A long series of human and animal viruses possess cross-reacting antigens e.g. adenoviruses, pestiviruses, immuno-deficiency viruses and herpesvlruses. In many cases, clinical diagnostics of viral zoonoses require use of the same antigen preparations for the detection of antibodies in different animal species and humans. Staphylococcus A- and Streptococcus G-peroxidase conjugates have been used for the detection of antibodies by biochemists and histologists since many years. This work describes the adaptation of Fc-specific conjugates for the detection of virus-specific human and animal antibodies using commercial ELISA reagents and IF antigen preparations. Recombinant HCV, HEV and HIV enzyme immuno assays were used throughout. The Epstein-Barr virus antigen was prepared according to standard diagnostic immuno-fluorescence procedures. The Fc-fragment binding conjugates (manufactured by Pierce Chemical Company, Rockford, Illinois - Cat. No. 32400 - ImmunoPure Recomb Protein A Peroxidase Conjugated 1 mg or by Sigma-Aldrich Chemichal Co., Cat. No. P-5164) were used for the detection of different species specific IgG molecules. The standardization had to be performed with each commercial reagent individually, using positive and negative collections of human sera. HIV reagents always gave false positive results with human sera using Staphylococcus A protein Conjugates. This was not the case with monkey sera. Sera of C. aethiops were shown to contain antibodies to hepatitis E virus (1 of 25), HIV2 (18 of 57), HIV-1+2 (8 of 57). The evaluation of O. D./"cutoff" values indicated that the presence of HIV 1+2 mixed antibodies were not found in the sera of highest cross-reacting antibody titres. It was suggested, that the "mixed" and "unique" reactivities originate from the cross-reaction with two different simian viruses. The HIV-type specific reactivity was confirmed with Western-blot tests. More than 90% of the monkeys were seropositive with Epstein-Barr virus reagents. The geometric mean titre was 1:160 in 10 animals titrated. Hepatitis E virus antibodies were found in wild swine (9 of 27) and in domestic pigs (7 of 25). All 7 domestic pigs seroconverted in the 5th months of life indicating one single epidemiological event Introducing the virus into the farm. Though both wild swine and domestic pigs were seronegative for hog cholera, a few animals were found to carry cross-reacting antibodies to human hepatitis C virus. Antibodies were detected in cattle cross-reacting with Epstein-Barr virus, but these animals were negative for bovine herpesvirus type 4, and the antibodies were shown to be unrelated to Herpesvirus saimiri antibodies.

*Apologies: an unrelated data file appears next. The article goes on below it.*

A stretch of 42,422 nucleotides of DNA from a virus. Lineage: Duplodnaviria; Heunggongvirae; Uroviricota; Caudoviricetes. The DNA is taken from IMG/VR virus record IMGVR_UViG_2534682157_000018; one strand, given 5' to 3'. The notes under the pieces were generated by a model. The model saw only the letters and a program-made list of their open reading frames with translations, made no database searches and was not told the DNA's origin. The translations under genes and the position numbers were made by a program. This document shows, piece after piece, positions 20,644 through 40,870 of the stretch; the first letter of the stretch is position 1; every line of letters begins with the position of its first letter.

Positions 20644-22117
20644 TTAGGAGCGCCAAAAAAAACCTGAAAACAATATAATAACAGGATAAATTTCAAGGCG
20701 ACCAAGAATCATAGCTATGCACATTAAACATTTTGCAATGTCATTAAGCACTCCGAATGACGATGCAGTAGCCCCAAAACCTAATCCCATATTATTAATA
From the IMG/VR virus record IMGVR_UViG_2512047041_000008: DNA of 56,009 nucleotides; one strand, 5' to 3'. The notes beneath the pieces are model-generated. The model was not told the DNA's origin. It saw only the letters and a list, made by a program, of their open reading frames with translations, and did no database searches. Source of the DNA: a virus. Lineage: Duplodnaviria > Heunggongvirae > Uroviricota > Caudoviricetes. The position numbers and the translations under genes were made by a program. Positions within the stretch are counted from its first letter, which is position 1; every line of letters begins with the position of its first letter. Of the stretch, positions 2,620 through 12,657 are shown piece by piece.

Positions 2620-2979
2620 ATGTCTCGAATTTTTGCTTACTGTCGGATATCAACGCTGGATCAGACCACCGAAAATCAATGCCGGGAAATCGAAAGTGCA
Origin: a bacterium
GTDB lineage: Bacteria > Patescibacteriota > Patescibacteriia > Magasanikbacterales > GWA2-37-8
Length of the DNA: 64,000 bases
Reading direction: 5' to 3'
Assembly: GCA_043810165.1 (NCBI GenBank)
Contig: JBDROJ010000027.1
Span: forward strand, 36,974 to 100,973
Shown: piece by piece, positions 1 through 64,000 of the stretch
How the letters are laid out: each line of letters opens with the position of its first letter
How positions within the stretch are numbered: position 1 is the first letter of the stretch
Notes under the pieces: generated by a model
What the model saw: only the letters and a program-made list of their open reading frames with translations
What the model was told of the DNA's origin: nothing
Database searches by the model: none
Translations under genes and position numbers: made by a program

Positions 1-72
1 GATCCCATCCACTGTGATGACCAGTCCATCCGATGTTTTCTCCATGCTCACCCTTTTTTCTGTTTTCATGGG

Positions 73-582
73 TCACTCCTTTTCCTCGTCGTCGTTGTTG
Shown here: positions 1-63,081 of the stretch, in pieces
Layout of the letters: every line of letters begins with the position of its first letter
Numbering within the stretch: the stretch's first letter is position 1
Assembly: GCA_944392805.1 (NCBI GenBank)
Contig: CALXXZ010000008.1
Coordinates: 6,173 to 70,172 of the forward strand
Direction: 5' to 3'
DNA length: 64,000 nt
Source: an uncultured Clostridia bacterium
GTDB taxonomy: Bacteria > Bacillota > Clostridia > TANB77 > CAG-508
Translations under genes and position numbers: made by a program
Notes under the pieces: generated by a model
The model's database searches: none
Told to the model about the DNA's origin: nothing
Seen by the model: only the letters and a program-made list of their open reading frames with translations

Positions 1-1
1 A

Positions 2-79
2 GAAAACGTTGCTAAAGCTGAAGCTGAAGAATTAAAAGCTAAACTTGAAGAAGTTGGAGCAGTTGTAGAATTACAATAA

|Translated title of the contribution||Detection of cross-reacting virus-specific human and animal antibodies|
|Number of pages||9|
|Journal||Magyar Allatorvosok Lapja|
|Publication status||Published - Dec 1 1999|
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